Sophia Swire did not set out to be a social entrepreneur. It was a calling that found her. She began her career as a successful investment banker in London, but the market crash of 1987 started her thinking about taking a very different path, one that could have a more direct and immediate positive impact on people's lives. She traveled to Pakistan for what was supposed to be only a few weeks, but ended up staying a year, helping set up a school in a remote valley of the Hindu Kush.
That year changed her life. She went on to co‐found the UK charity Learning for Life that supported the establishment of over 250 village schools for girls in rural Pakistan and India and for which she was awarded the 2010 Pakistan Achievement Award. In the 1990s, she also launched and managed an innovative, profitable, ethical, cashmere brand and is widely acknowledged as the entrepreneur who launched the international fashion for pashminas.
In 2008 she started the first Afghan Jewelry and Gem-Cutting school for the charity Turquoise Mountain and has since worked with various Afghanistan based government and non-government organizations to try to formalize the gemstone mining sector and put more value into the hands of Afghan designers and artisans.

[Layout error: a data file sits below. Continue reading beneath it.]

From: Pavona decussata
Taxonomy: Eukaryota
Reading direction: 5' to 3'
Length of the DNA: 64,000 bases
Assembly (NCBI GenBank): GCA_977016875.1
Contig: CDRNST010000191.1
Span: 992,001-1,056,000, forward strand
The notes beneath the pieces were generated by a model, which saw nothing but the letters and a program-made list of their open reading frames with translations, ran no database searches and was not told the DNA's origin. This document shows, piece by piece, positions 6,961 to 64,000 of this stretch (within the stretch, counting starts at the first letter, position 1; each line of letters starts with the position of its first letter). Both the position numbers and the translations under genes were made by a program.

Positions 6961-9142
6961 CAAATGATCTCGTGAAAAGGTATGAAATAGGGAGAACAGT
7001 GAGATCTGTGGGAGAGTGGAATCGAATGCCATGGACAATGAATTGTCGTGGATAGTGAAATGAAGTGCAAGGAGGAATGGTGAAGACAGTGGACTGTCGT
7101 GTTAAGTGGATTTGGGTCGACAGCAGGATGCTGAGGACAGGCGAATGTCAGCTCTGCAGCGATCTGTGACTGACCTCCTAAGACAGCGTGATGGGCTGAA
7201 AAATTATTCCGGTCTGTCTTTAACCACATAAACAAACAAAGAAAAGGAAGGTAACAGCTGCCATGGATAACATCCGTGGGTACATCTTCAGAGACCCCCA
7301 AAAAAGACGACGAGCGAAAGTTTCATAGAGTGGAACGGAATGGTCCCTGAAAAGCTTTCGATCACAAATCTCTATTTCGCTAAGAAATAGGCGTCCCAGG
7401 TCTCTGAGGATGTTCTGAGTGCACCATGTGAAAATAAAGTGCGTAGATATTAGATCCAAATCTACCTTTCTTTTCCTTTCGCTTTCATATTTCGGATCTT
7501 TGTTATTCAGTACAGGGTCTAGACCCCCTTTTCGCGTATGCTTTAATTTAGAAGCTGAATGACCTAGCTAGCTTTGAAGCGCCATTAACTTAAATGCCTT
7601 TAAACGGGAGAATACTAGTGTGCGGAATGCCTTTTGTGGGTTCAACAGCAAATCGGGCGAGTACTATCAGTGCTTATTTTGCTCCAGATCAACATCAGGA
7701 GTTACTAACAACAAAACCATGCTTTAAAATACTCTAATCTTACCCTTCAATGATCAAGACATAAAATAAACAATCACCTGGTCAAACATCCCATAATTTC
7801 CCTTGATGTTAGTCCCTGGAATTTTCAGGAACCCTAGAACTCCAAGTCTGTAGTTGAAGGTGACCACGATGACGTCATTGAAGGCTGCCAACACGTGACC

In 2012, she founded the non-profit Future Brilliance Afghanistan Organization (FBAO) to foster stability and prosperity through enterprise and workforce development with a special focus on developing access to the gemstone and jewelry value chain for Afghan women. Aayenda Jewelry, an FBAO project, was established as a social enterprise in the US to build a sales and marketing platform for Afghan jewelry (Aayenda means "future" in Dari, the language spoken in Afghanistan). In 2013, the first collection was launched as a collaboration between 36 Afghan artisans trained by FBAO and 3 international designers: Paul Spurgeon, Anna Ruth Henriques and Annie Fensterstock.
Sophia is delighted to present the talented young Afghan designer, Storai Stanizai, who is joining us from Kabul to talk about the challenges of doing business in Kabul as an Afghan woman, her first collection and her dream to develop her own Afghan jewelry brand, ZyB.